The ROCI Road to Peace: Digital Edition

Nicole L. Bray
Oct 18, 2014 1:37AM

Robert Rauschenberg implemented ROCI, the Rauschenberg Overseas Cultural Interchange, in 1984. ROCI was a seven-year program designed to promote peace through art, by way of sharing cultural traditions, demonstrating tolerance, and exchanging artistic practices and materials. Under ROCI, Rauschenberg and his team visited ten contentious nations of the time: Mexico, Chile, Venezuela, China, Tibet, Japan, Cuba, the Soviet Union, East Germany and Malaysia. The project culminated with an exhibition at the National Gallery of Art, Washington D.C. in 1991. 

The original intentions advocated by ROCI are as relevant today as they were in 1984. War, corruption, poverty, disease, over-consumption, and environmental destruction continue to ravage the world on a global scale. Inspired by the original spirit of ROCI, and Robert Rauschenberg’s own innovation, collaboration, and use of technology in art, what if a modern day ROCI existed for young contemporary artists around the world to share their respective artistic aims and work? What if social media could provide a platform to engage artists to share their practices and messages for global change, while simultaneously paying homage to Rauschenberg’s legacy?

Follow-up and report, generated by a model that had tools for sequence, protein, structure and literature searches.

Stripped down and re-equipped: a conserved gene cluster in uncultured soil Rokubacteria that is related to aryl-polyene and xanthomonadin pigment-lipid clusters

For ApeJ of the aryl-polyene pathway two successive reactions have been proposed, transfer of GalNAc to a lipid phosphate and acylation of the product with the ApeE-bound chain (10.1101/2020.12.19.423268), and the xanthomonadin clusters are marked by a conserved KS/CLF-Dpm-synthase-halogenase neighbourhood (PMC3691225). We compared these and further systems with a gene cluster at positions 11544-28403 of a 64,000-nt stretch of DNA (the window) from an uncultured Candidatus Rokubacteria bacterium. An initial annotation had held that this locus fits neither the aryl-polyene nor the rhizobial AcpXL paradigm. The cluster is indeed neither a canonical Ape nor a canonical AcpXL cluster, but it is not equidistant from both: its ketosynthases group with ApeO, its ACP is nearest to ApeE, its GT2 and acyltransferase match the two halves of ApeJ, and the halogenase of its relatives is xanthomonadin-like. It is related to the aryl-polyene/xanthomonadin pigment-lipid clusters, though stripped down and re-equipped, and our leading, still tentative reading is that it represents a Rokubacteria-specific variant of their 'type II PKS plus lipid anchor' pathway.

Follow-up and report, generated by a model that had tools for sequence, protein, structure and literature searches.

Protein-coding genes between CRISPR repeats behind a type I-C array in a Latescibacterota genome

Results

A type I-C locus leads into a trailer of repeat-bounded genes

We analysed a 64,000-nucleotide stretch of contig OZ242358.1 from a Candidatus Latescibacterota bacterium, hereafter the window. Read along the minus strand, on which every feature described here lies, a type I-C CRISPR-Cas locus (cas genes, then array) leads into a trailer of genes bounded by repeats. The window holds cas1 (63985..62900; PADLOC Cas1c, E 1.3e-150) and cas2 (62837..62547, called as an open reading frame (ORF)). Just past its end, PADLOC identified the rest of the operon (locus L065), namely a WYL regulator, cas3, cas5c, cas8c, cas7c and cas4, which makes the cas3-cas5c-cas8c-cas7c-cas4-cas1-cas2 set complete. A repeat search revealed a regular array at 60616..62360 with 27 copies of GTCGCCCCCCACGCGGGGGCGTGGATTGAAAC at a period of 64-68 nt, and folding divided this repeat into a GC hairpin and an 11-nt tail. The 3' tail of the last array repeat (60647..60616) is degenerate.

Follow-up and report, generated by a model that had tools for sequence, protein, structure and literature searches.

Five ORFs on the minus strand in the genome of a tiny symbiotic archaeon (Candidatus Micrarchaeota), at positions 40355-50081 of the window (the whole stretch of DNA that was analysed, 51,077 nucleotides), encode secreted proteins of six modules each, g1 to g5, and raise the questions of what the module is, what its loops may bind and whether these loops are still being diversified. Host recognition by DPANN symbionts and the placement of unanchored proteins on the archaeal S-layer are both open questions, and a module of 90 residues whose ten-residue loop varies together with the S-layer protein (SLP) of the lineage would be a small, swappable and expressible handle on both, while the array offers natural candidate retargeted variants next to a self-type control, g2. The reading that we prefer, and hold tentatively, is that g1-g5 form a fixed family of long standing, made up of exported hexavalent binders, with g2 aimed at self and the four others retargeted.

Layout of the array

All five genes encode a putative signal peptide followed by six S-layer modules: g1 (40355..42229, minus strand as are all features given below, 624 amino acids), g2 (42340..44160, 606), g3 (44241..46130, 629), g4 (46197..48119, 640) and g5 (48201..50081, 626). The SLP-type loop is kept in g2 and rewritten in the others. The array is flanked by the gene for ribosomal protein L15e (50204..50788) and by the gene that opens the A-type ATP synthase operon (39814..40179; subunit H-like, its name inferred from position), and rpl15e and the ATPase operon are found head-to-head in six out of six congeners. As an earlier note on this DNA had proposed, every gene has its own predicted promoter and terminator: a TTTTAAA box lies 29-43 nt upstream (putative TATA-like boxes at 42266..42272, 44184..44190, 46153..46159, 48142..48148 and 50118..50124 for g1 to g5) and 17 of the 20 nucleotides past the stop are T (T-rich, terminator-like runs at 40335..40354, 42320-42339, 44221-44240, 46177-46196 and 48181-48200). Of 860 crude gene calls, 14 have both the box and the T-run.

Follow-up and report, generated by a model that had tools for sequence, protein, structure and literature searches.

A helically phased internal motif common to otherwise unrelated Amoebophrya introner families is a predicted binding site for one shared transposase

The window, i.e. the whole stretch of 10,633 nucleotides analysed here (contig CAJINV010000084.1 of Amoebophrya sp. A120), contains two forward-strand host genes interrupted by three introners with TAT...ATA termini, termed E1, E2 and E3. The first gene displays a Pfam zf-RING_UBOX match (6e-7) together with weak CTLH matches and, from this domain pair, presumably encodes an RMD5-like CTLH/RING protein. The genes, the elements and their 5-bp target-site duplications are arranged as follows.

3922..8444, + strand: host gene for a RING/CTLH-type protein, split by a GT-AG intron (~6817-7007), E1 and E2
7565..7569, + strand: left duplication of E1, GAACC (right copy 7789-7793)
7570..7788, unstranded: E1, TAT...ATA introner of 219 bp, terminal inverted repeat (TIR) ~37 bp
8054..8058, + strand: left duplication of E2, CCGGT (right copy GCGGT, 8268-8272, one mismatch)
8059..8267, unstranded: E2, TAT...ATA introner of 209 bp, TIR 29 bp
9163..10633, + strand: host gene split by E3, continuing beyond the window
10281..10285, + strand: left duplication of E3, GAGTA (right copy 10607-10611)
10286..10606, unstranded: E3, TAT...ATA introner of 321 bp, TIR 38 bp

The ROCI Road to Peace is envisioned to be an eight-month exhibition at Sotheby’s Institute of Art timed to coincide with the academic year and space restrictions. Robert Rauschenberg, Caryatid Cavalcade II (ROCI Chile), 1985, will be displayed throughout the duration of the exhibition and will serve as the anchor work, paying homage to the spirit of the original project while representing the United States. Over the course of the exhibition, a second rotating work will also be displayed alongside Rauschenberg’s cornerstone piece. The second work will vary, cycling consecutively between pieces created by prominent contemporary artists from each of the original ten nations. The artworks selected from each country demonstrate themes from the original mission of ROCI: cultural collaboration, sociopolitical commentary, and advancement in artistic practices, inspired by Rauschenberg’s own innovative materials and techniques. Materials might include the reuse of urban debris, appropriated imagery from news, posters, magazines, photographs, found objects, film, and experimentation with the boundaries of art and technology. These materials could be fused with traditional artistic practices to create artworks inspired by Rauschenberg’s Combines, Combine Paintings, installations, and silkscreens.

If Rauschenberg were alive today, he would likely be collaborating with the developers at Google, Apple and Facebook, trying to advance the boundaries of art and foster global connections amongst artists. Two months prior to the exhibition, a global invitation to young artists will be extended via social media. Artists will be invited to share digital submissions of their artworks inspired by Rauschenberg’s aspirations to promote peace and tolerance through art. Artists will post images of their work via social media, using the hashtags #TheROCIRoadtoPeace and #BobsLegacy. This interactive exhibition will continue to evolve organically over the two months. A live exhibition will then feature a curated selection of the digital submissions received from around the world displayed on television screens, alongside the Rauschenberg ROCI artwork and the rotating contemporary piece representing each of the original ten nations. 

Nicole L. Bray